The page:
The threat posed by Naxalites and Maoist in some parts of the country today constitute problems and challenges that are completely different from those that have been experienced in the past. There has been considerable and frequent debate in the media and public forums on the employment of air power in anti-Naxal and anti-Maoist operations. To begin with, Naxalites and Maoists are Indian citizens who have taken to violent means to attain their avowed objective of overthrowing the duly elected government by 2050, a somewhat over-optimistic aspiration. A brief look at the origins of these movements would be necessary to understand the complexities and the nuances involved in what Prime Minister Manmohan Singh has termed as, ‘the gravest threat facing our country today’.
In 1967, the Communist movement in India went through a turbulent period eventually culminating in a split which resulted in the emergence of a splinter group called the Communist Party of India (Marxist & Leninist) or CPI (ML). That year also saw an attempt by the tribals in Naxalbari, a remote village in West Bengal, to repossess their lands taken away by the landlords. In the ensuing clashes, apart from the several tribals killed, one police officer also perished. This incident thus acquired visibility and attracted support from the revolutionary elements in Communist parties in several states. Although the Naxal Movement was largely contained, soon a coordination committee resolved to carry the Movement forward.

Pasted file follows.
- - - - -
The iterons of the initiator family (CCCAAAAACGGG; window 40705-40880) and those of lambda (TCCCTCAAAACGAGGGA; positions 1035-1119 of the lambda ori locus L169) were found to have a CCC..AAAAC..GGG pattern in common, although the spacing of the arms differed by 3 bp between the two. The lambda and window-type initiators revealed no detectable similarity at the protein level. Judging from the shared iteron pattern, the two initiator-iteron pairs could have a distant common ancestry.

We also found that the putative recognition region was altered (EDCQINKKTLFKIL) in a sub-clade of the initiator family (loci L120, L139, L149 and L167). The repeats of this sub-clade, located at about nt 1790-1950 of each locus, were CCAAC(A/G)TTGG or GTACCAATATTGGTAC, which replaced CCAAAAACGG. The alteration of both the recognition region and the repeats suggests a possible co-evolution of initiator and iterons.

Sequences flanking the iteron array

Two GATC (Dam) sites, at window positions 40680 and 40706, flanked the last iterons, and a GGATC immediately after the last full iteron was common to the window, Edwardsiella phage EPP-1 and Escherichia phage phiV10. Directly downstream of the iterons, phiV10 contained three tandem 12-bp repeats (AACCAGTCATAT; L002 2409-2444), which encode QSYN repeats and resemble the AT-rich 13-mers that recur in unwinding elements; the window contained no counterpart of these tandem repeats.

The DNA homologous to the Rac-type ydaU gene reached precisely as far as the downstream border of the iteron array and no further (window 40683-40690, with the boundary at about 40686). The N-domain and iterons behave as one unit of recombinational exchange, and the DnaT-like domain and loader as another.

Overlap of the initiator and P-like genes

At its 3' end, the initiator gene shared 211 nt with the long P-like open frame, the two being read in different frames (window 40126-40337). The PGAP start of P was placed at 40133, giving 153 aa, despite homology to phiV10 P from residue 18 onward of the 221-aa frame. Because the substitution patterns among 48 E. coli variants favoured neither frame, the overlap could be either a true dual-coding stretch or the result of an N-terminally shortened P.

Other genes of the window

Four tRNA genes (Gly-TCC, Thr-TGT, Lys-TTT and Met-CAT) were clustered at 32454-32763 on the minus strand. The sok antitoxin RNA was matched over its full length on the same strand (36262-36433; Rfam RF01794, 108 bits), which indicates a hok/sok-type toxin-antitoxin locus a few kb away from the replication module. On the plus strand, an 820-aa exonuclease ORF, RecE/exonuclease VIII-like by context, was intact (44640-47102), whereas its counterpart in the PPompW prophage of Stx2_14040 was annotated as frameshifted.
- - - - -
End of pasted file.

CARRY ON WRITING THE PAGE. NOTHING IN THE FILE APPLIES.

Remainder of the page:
Naxalites and Maoists are Indian citizens who have taken to violent means to attain their avowed objective of overthrowing the duly elected government by 2050.
In 1968, they came out with their cardinal Principle of ‘Allegiance to Armed Struggle and non-participation in elections’. Criminal neglect of tribal areas, dispossessing the tribals of their lands and forests and alienation of landless peasants through total lack of governance were the main propellants fuelling the Naxal Movement.
It has been more than 40 years since the Movement began. However, there has been no serious effort or focussed approach to solve the problem. Grabbing of tribal land for the purpose of mining and setting up of industries without a credible rehabilitation plan or adequate compensation for the displaced population has resulted in the Movement spreading to many parts of the country. At one time, 180 districts of the country, spread over the ten states of West Bengal, Odisha, Andhra Pradesh, Chhattisgarh, Jharkhand, Maharashtra, Bihar, Uttar Pradesh, Madhya Pradesh and Karnataka were affected by this so-called ‘Red Menace’. In 2006, the Research & Analysis Wing (R&AW) estimated that there were about 50,000 regular cadre Naxals in addition to 20,000 armed cadres.